Defeated chameleons darken dynamically during dyadic disputes to decrease danger from dominants
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Research on intraspecific aggression has typically focused on dominant individuals, but a better understanding of the consequences and mechanisms of agonistic encounters requires a balanced perspective that includes knowledge of subordinate animal behaviors. In contrast to signals of fighting ability, signals of submission are an understudied component of agonistic communication that could provide important insights into the dynamics, function, and evolution of intraspecific competition. Here, I use a series of staged agonistic trials between adult male veiled chameleons Chamaeleo calyptratus to test the hypothesis that rapid skin darkening serves as a submissive signal to resolve agonistic activity. Concordant with this hypothesis, I found that losing chameleons darkened over the course of aggressive trials while winners brightened, and the likelihood of darkening increased when individuals were attacked more aggressively. Additionally, I found that the degree of brightness change exhibited by individual chameleons was tied to both overall and net aggression experienced during a trial, with chameleons who received high levels of aggression relative to their own aggression levels darkening to a greater extent than individuals receiving relatively less aggression. Lastly, I found that aggression increased for losers and winners prior to the onset of darkening by the eventual loser but that both chameleons reduced aggression after the losing chameleon began to darken. Based on the theoretical prediction that signals of submission should be favored when retreat options are restricted, I suggest that limited escapability imposed by chameleon morphology, physiology, and ecology favored the evolution of a pigment-based signal of submission in this group.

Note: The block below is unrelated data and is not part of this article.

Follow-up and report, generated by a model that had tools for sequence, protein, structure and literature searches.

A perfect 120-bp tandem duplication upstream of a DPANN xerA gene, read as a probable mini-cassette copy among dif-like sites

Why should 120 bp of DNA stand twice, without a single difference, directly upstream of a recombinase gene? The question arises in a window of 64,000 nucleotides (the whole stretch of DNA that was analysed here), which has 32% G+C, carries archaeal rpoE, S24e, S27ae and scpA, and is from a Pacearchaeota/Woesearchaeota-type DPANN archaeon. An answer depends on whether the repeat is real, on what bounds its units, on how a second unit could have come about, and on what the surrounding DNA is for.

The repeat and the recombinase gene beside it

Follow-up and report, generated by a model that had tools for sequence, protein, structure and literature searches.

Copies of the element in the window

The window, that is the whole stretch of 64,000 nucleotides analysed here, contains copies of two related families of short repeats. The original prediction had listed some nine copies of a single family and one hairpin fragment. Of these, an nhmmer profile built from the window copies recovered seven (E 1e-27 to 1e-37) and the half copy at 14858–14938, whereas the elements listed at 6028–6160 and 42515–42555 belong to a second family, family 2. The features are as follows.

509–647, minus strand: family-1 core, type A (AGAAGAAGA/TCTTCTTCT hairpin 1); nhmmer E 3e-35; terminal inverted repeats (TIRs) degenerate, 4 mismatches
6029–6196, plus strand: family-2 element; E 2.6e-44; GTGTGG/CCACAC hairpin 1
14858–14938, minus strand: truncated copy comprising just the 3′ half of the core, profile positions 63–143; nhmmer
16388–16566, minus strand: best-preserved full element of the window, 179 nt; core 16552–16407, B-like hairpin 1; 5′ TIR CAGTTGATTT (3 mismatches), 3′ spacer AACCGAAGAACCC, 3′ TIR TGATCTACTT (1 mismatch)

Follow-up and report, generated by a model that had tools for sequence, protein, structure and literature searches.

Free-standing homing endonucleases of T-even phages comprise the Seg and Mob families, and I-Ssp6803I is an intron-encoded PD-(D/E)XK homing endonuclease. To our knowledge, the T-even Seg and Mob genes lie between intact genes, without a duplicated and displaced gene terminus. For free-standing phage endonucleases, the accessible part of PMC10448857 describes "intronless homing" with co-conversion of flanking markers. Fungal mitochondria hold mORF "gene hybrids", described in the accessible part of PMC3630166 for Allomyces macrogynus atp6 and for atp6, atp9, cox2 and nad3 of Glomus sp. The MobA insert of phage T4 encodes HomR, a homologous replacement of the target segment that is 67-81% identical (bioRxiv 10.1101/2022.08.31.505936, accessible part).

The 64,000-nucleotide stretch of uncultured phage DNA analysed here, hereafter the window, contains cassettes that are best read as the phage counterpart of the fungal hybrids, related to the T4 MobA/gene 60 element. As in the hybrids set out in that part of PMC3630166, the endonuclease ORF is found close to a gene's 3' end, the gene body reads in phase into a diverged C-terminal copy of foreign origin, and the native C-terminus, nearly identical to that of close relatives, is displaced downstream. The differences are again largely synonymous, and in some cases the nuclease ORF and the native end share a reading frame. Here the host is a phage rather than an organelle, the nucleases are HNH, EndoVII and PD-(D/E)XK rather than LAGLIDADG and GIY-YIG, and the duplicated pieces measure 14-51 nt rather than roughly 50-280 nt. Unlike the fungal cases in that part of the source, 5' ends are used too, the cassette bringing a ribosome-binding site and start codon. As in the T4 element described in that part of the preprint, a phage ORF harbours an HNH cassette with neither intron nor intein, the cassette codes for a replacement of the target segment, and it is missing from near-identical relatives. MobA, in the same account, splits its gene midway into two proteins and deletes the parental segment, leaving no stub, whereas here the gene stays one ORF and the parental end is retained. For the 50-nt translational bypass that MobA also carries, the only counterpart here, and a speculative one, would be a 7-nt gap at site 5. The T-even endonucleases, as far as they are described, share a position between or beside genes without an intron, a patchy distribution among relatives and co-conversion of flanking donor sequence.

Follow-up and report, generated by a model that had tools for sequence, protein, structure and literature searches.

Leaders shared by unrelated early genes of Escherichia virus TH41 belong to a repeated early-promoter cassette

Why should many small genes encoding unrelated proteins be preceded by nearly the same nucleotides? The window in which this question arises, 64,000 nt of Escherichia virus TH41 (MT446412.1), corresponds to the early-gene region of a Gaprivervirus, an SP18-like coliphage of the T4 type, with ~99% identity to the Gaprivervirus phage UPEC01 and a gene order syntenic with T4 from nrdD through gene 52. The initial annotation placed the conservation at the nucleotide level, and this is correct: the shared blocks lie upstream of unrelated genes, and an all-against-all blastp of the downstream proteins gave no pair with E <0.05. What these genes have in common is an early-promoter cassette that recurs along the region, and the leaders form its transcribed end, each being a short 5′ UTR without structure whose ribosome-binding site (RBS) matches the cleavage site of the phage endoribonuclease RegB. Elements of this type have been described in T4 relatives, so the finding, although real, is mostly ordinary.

KeywordsSubmissive signals Physiological color change Aggression Communication Reptiles Chamaeleo calyptratus Color signals
I thank Megan Best, Sarah Bruemmer, Brianna Bero-Buell, and Andrea Carpenter for their invaluable assistance with experimental procedures, data collection, and dedicated chameleon care. I thank the Animal Behavior Society, the American Society for Ichthyologists and Herpetologists, the ASU chapter of Sigma Xi, and the ASU Graduate and Professional Students Association for financial support of this research. I also thank my parents, David and Sandy Ligon, as well as Richard and Janet Steele and two anonymous donors for their generous financial support to this project. I thank my advisor Kevin McGraw, Dale DeNardo, and members of the McGraw lab group for input that greatly improved this manuscript. I also thank my wife, Veronica Ligon, for her support throughout this project.
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